December 10, 2017 — Second Sunday of Advent
IS 40: 1-5, 9-11; PS 85: 9-14; 2 PT: 3, 8-14; MK 1: 1-8
There is a well-worn phrase that seems to come into play at this time of year: “Shop until you drop.” This time of year seems to entice us to get even busier, make our lives more hectic, fill our lives up with possible various events at the office, at our children’s schools, even here at church to a certain extent.
However, Advent is really a time when we need to step back and perhaps slow down a bit, to become more pensive and thoughtful in our approach. That may be why we hear in our readings today that St. John the Baptist was a voice “crying out in the desert.” And what was John’s consistent message? “Prepare the way of the Lord.” That is what we hear throughout Holy Scripture on this Second Sunday of Advent.
We receive several appropriate reminders in our readings today. As just referenced the prophet Isaiah paves the way for the coming of the Messiah and for His messenger St. John the Baptist. Isaiah’s remarkable foresight states, “A voice cries out: in the desert prepare the way of the Lord.” Scholars tend to divide Isaiah into three sections and the final section, which is sometimes called the “Messianic” section begins with today’s reading from Chapter 40.
The Way of the Lord might parallel our own lives and most certainly our lives and efforts during this Advent season. This is a word picture that likens our lives to a road. To build a road improvements have to be made, and whatever might be wrong needs to be corrected. For us at this time the real preparation must occur in our hearts. Isaiah goes on to indicate that when the way is prepared, the glory of God will be revealed (“Then the glory of the Lord shall be revealed, and all people shall see it together.”) The true glory of the Lord is revealed to every prepared heart. This is a time to prepare our hearts for the way of the Lord.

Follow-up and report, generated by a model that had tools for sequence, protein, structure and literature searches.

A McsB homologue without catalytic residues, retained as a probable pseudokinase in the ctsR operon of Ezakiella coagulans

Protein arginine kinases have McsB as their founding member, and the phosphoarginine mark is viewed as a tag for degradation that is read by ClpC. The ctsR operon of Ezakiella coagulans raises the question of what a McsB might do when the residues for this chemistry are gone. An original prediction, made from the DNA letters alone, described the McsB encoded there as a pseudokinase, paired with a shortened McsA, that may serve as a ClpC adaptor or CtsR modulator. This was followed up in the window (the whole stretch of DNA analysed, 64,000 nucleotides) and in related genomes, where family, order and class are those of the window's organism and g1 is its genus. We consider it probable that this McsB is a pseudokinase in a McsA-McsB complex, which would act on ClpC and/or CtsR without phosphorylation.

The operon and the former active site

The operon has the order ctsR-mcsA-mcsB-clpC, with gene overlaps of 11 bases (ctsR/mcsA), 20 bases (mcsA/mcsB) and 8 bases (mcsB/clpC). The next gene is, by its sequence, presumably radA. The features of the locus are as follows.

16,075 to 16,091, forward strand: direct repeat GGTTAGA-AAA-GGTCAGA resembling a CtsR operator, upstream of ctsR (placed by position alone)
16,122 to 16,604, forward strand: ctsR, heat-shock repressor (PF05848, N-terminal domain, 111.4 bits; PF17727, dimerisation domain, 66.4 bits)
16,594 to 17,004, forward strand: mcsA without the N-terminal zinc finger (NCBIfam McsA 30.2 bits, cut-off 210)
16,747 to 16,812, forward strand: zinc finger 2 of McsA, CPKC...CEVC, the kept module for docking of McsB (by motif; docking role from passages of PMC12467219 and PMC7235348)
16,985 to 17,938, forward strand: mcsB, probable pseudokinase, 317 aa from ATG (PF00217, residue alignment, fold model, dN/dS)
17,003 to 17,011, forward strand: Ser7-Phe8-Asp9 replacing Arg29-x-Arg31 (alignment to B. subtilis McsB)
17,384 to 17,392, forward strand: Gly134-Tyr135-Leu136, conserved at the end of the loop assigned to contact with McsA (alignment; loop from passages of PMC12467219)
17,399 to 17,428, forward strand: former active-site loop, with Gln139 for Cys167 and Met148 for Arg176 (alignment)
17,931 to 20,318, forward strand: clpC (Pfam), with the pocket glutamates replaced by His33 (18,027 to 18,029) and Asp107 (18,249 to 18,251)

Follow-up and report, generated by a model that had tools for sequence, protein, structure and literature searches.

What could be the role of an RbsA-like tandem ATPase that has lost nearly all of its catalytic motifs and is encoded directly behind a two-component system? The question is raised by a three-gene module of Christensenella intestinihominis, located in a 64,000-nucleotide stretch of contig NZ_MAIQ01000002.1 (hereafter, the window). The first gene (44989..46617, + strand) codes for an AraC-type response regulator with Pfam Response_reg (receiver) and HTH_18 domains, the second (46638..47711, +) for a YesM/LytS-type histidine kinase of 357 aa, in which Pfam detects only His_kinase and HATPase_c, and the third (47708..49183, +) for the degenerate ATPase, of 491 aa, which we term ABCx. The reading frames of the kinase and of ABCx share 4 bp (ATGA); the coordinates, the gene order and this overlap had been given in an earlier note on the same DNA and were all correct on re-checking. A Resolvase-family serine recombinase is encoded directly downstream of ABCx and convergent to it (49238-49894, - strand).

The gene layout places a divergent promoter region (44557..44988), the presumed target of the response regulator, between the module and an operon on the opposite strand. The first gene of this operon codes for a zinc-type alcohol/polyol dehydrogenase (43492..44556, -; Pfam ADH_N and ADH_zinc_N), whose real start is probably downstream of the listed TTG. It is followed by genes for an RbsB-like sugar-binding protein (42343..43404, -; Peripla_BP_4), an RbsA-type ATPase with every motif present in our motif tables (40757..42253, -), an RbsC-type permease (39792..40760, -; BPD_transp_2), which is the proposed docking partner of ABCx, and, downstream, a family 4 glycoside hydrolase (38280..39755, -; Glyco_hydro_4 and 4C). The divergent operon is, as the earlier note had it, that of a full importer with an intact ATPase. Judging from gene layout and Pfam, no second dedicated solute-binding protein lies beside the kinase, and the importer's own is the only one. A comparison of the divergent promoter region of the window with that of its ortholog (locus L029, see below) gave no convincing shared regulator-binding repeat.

We have heard multiple times previously that God sees things differently than we do. That is an approach used by St. Peter in his Second Letter, our Second Reading. There are two letters from Peter included in the New Testament. Both are considered to have been written in Rome and addressed more to Gentiles than to Jews. Peter specifically lists a relatively broad audience in his First Letter. This Second Letter was most likely written not long before Peter is crucified by the Emperor Nero.
When Peter says in today’s reading that “with the Lord one day is like a thousand years and a thousand years like one day,” he is stating the obvious. God sees time with a perspective we lack. For the Lord all time is against the back-drop of eternity. As often as we may hear that, we are very much trapped in our own perception of time. It is almost impossible for us to fully appreciate the reality that we will endure in eternity, which is a time longer than this world will be here. Peter prompts us to realize that our role in this life is to seek holiness. That is what preparing the way of the Lord entails.
Since we are entering a cycle for this liturgical year where most of our Gospels are drawn from St. Mark, it is fitting that today’s Gospel is the very start of that Gospel Book. It begins with the simple statement, “The beginning of the Gospel of Jesus Christ, Son of God.” It then reiterates what we hear in the First Reading from Isaiah: that John the Baptist was sent to “prepare the way of the Lord” and we are to do the same. We are to live our lives first and foremost by seeking the Kingdom of God. Advent is all about discovering how we can do that and making whatever changes we must make in our lives to accomplish that.
Every word in Holy Scripture has some importance. When St. Mark proclaims that what he is writing, and what we are about to hear, is the “Gospel of Jesus Christ,” it tells us how important it is. Most are aware that the word “Gospel” meant “Good News.” Fewer are conscious of the fact that in Roman times it had another meaning and translation — “Glad tidings.” When we hear that term, many may think of Christmas and the birth of Christ. However, glad tidings or good news also includes Christ’s saving grace and death. It goes back to what we have been hearing in recent weeks that it is time to prepare for the coming of the Lord. Part of that preparation is to prepare the way of the Lord, especially within each of us. That is what we need to be doing now.